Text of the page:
Surge in GI/vet resistance and support
Published Dec 12, 2008 11:24 PM
Signs of a surge in GI resistance have emerged recently. The surge is matched
by strong expressions of support from people in the U.S. and elsewhere.
PFC André Shepherd, Darnell Stephen
Summers from Germany’s Stop the
Brigade, and Chris Capps, IVAW regional
organizer for Europe.
In Germany, Army Specialist André Shepherd asked for asylum on Nov. 27.
The 31-year-old African-American served in Iraq between September 2004 and
February 2005 as an “Apache” helicopter mechanic. He has been
living underground in Germany since going AWOL last year.
Shepherd has had strong support from the Germany-based Military Counseling
Network, Stop the War Brigade and Connection eV, as well as Iraq Veterans
Against the War—especially IVAW-Germany.
His lawyer, Reinhard Marx, observes that under a 2004 European
directive—now part of German law—that a country must grant asylum
to military resisters if the conflicts they are fleeing from are being
conducted in an unlawful manner.
“Legally, his prospects are looking very good,” Marx said. A German
federal court ruled in 2005 that the U.S. war in Iraq violates international
law. Chris Capps, IVAW regional organizer for Europe, reports that
“André is having his first hearing Tuesday, Dec. 9, and he will be
writing a post on our blog.” (www.ivaw-europe.blogspot.com)
Shepherd’s asylum application is the first such move by a U.S. war
resister in Europe since the U.S. invaded and occupied Iraq and
“I could not in good conscience continue to serve,” Shepherd said
at a news conference. (Reuters, Nov. 27) “We have destroyed nations,
killed leaders, raided homes, tortured, kidnapped, lied, and manipulated not
just citizens and leaders of our enemies, but of our allies as well.
“It is a sickening feeling to realize that I took part in what was
basically a daily slaughter of a proud people.”
He added that after he “heard about people being ripped to shreds from
the machine guns or being blown to bits by the Hellfire missiles” and
“buildings and infrastructures being destroyed, I began to feel ashamed
about what I was doing.
“I am remorseful for my contribution to these heinous acts, and I swear
that I will never make these mistakes again.”
“When enlisting,” he commented, “I took an oath to
‘support and defend the Constitution of the United States against all
enemies, foreign and domestic.’ I had to choose between ignoring my
beliefs and leaving the military illegally. For me, the correct path was clear:
I had to leave.”
Shepherd is applying for asylum in Germany, where the Nuremberg trials took
place 60 years ago. “One of the main things that were established during
these trials,” he observed, “was that one cannot defend one’s
actions by claiming to have merely been following orders.
“If I had stayed in the U.S. Army and continued to participate in the
wars in Iraq and Afghanistan, I could not legally argue that I was ‘just
doing my job.’ Here in Germany it was established that everyone, even a
soldier, must take responsibility for his or her actions, no matter how many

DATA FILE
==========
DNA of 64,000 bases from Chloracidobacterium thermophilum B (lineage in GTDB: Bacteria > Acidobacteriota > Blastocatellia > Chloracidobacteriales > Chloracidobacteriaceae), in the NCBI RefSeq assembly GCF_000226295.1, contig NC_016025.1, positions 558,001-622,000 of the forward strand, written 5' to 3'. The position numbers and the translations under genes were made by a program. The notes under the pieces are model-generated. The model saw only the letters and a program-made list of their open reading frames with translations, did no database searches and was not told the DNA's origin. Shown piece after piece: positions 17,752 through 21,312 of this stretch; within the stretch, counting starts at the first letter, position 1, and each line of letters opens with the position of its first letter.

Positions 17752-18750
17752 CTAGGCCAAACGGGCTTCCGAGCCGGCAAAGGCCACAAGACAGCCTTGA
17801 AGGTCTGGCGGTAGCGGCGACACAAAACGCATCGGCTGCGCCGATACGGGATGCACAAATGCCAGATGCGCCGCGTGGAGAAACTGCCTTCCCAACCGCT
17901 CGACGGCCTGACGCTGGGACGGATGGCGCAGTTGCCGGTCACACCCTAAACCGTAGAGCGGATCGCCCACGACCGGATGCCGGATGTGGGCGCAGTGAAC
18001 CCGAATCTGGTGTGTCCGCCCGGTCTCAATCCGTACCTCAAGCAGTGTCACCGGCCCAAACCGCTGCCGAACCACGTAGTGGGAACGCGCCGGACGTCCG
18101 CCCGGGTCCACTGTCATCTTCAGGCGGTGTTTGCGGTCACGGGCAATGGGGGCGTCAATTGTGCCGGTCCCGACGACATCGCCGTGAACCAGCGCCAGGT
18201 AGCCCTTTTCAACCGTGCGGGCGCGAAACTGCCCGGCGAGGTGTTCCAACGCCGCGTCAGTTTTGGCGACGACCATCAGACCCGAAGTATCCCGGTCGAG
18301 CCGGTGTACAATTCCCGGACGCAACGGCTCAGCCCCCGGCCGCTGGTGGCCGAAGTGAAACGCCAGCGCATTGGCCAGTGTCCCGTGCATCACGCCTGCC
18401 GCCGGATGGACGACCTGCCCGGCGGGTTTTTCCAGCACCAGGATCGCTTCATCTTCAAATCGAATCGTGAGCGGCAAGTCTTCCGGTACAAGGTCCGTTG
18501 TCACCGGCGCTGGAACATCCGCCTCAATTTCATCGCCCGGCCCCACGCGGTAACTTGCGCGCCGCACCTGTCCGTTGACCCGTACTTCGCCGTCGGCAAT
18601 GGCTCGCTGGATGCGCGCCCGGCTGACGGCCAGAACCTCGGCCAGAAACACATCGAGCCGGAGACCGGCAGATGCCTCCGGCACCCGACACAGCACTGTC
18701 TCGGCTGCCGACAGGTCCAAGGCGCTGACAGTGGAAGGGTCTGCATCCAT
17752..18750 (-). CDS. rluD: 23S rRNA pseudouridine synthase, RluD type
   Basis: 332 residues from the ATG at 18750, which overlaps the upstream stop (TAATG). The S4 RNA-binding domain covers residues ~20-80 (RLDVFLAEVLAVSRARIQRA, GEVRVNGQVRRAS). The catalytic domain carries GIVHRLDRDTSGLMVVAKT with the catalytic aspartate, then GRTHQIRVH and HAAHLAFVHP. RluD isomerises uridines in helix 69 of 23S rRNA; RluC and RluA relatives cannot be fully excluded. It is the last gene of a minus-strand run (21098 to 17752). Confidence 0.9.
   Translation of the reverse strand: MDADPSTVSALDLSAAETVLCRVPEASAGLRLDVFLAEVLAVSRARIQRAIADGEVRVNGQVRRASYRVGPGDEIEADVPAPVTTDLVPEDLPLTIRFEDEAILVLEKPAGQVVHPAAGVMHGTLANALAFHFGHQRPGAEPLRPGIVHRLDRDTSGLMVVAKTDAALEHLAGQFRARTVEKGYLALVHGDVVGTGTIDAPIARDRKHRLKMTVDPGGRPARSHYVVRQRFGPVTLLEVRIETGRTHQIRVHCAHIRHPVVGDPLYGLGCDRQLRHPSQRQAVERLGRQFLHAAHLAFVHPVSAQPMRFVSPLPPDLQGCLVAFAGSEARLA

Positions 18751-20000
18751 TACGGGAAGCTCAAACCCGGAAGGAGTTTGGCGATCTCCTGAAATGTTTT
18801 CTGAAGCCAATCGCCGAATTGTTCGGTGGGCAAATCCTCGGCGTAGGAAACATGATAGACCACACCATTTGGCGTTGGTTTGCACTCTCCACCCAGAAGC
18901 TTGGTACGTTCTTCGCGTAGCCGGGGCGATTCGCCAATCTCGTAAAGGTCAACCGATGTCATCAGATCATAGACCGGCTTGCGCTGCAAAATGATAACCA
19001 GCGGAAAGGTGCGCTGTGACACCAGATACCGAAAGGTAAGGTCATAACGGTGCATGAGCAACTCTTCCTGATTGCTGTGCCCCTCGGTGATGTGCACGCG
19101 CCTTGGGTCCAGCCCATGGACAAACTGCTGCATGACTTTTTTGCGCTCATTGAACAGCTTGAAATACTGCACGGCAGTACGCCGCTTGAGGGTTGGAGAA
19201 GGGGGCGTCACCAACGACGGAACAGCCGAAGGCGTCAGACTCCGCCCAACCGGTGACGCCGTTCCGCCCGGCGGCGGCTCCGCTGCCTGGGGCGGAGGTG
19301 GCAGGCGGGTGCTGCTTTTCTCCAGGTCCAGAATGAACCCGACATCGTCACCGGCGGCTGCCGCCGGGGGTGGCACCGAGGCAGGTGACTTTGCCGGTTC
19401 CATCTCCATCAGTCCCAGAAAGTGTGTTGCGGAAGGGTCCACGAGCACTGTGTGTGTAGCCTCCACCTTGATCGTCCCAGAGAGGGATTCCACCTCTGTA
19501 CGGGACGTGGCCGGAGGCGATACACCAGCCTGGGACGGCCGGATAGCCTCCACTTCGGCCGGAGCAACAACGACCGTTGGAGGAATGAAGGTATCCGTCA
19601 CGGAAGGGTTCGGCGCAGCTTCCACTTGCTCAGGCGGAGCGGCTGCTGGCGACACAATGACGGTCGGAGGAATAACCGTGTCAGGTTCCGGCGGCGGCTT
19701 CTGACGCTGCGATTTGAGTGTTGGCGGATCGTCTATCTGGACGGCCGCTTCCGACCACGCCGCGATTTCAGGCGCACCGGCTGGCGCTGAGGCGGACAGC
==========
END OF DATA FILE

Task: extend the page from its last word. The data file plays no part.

superiors are giving orders.”
If successful, Shepherd’s application will create a precedent for the
U.S. military in Germany. After Iraq, the second-largest Pentagon presence
overseas is housed there: 66,000 active-duty personnel. As an asylum seeker,
Shepherd is now under the protection of the German federal government.
PTSD GI demands treatment
Meanwhile, at Fort Drum in upstate New York, Private Trevor L., 22, of Austin,
Tex., turned himself in on Dec. 4 demanding treatment for severe post-traumatic
stress disorder. He was accompanied by his lawyer, Tod Ensign, and had
requested the support of the Common Council of Ithaca, N.Y., where he had
spoken to supporters the night before.
Private L. served 15 months with a unit of the 10th Mountain Division in combat
in Afghanistan where he suffered serious mental and physical injuries. Upon
returning to Fort Drum, he was unable to get mental health care and eventually
left the base in search of adequate treatment.
He returned to Fort Drum with a psychological evaluation, prepared by a Houston
trauma specialist, stating that he suffers from “a severe post-traumatic
stress disorder and a major depression, severe,” according to attorney
Ensign, who is also director of Citizen Soldier, a GI/veterans’ rights
advocacy group based in New York City. (blip.tv/file/1553993, Dec. 8)
Following the example of several other U.S. cities, Ithaca’s Common
Council on Oct. 1 had unanimously proclaimed the city a “Community of
Sanctuary” that “respects the right of its residents to support
lawfully and proactively military personnel ... who are organizing to stop the
wars in Iraq and Afghanistan.” (The Ithaca Journal, Oct. 2)
Ensign told Workers World that Private L.’s request to be assigned to a
Warrior Transition Unit and either get special treatment or be dismissed was
rejected by the base commander. Instead, he was ordered to return to his unit,
which is slated to re-deploy to Afghanistan later this month.
Warrior Transition Units have been set up at all military bases in the U.S. to
handle soldiers with physical or mental injuries. “The problem is they
only have space for half as many soldiers as the number who need them,”
Ensign said. The Army Times reported on Nov. 4 that the number of such units
was expanded in October “in the wake of reports about poor conditions at
Walter Reed Army Medical Center in Washington, D.C., including shoddy housing
and bureaucratic delays for outpatients there.”
Ensign intends to press for an administrative discharge for Private L.
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